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Article: Volume 42 Number 5 Page 442 - June 2015

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  Dent Update 2015; 42: 442-462

Oral surgery:  Pain Part 3: Acute Orofacial Pain

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Abstract: Acute trigeminal pain is a common presentation in the dental surgery, with a reported 22% of the US adult population experiencing orofacial pain more than once during a 6-month period.1 This article discusses the mechanisms underlying the pain experience, diagnosis and subsequent management of acute trigeminal pain, encompassing pre-, peri- and post-operative analgesia. The dental team spend most of their working lives managing patients and acute pain. The patient may present to the clinician in existing pain, which may often provide a diagnostic challenge. Prevention and managing intra-operative and post-surgical pain are implicit in providing your patient with optimum care.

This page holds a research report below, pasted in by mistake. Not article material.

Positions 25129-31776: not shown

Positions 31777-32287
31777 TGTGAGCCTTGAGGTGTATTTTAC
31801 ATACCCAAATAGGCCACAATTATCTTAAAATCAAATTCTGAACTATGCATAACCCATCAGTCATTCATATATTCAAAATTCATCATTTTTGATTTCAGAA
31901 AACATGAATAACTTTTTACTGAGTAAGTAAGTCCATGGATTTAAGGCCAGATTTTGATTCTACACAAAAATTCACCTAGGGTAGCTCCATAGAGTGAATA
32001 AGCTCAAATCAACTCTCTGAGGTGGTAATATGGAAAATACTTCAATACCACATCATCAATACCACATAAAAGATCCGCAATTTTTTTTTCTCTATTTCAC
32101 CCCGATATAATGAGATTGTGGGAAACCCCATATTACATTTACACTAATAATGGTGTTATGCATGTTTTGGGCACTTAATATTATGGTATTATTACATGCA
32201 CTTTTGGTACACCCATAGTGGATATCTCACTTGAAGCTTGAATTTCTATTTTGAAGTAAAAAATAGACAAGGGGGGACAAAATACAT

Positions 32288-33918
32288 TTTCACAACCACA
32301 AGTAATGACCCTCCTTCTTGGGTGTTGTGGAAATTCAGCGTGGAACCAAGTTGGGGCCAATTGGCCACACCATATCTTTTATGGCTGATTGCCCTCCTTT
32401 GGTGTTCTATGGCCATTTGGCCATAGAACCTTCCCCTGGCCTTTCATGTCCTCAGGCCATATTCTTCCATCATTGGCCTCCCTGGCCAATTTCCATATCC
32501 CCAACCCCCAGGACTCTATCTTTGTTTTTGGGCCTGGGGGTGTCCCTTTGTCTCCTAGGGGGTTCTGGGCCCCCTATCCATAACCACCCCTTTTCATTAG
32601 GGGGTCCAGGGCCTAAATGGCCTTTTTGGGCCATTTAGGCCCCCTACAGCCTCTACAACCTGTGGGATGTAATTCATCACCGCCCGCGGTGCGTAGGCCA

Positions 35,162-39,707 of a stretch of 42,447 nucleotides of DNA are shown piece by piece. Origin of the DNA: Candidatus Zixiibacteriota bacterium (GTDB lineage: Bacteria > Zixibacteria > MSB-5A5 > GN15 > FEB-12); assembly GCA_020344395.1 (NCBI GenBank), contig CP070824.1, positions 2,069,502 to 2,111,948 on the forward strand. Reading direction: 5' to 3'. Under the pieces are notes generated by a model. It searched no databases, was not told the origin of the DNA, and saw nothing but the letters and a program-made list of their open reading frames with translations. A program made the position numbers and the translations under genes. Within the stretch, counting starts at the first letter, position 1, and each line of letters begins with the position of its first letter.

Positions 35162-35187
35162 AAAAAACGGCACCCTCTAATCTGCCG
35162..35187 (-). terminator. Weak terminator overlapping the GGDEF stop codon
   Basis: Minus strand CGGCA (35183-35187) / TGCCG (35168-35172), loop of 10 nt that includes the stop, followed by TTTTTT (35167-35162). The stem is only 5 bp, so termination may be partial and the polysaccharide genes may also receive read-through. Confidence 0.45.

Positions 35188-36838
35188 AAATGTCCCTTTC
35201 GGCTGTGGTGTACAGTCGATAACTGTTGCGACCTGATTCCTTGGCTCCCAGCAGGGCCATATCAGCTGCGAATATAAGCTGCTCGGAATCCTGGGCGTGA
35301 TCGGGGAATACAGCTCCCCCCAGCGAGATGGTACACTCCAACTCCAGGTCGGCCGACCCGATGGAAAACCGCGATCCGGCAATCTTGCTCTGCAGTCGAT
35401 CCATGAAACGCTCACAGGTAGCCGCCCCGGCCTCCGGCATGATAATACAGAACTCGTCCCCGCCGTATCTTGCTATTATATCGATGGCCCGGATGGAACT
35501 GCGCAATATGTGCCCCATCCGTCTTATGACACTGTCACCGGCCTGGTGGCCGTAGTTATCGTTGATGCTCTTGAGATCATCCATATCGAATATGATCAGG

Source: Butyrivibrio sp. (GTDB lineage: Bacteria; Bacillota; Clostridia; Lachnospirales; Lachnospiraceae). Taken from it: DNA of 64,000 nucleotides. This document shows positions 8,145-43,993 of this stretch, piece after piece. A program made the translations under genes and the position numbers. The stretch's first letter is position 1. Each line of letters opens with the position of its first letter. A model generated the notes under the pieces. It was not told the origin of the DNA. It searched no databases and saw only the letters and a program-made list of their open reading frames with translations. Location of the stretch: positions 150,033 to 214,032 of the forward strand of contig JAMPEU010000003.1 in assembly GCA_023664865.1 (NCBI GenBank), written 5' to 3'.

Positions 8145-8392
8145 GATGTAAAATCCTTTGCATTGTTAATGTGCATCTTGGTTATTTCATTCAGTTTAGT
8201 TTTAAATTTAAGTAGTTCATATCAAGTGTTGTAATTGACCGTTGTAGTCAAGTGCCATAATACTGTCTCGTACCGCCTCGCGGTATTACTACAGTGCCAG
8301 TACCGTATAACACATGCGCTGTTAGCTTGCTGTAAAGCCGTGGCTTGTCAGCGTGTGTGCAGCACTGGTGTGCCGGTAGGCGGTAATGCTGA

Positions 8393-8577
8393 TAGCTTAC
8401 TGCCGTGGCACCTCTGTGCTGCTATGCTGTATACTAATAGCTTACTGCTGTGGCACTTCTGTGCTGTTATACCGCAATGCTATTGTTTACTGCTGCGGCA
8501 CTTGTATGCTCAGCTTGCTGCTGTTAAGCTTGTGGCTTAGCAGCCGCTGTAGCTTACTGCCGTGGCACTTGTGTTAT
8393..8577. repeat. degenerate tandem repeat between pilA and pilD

Clinical relevance: This paper aims to provide an overview of conditions that may present with acute orofacial pain and their management using the most recent evidence base. Intra-operative and post-surgical pain management are also scrutinized and evidence-based treatment is recommended.

Author notes: Nadine Khawaja, BDS, MJDF MSurgDent, Specialist Academic Trainee, Department of Oral Surgery and Tara Renton, BDS, MDSc, PhD, FARCDS(OMS) FDS, RCS FHEA, Professor of Oral Surgery, King’s College London Dental Institute, King’s College Hospital London, Bessemer Road, London SE5 9RS, UK.

Objective: To provide an overview of the relevant management strategies for acute orofacial pain and highlight how to overcome some diagnostic challenges.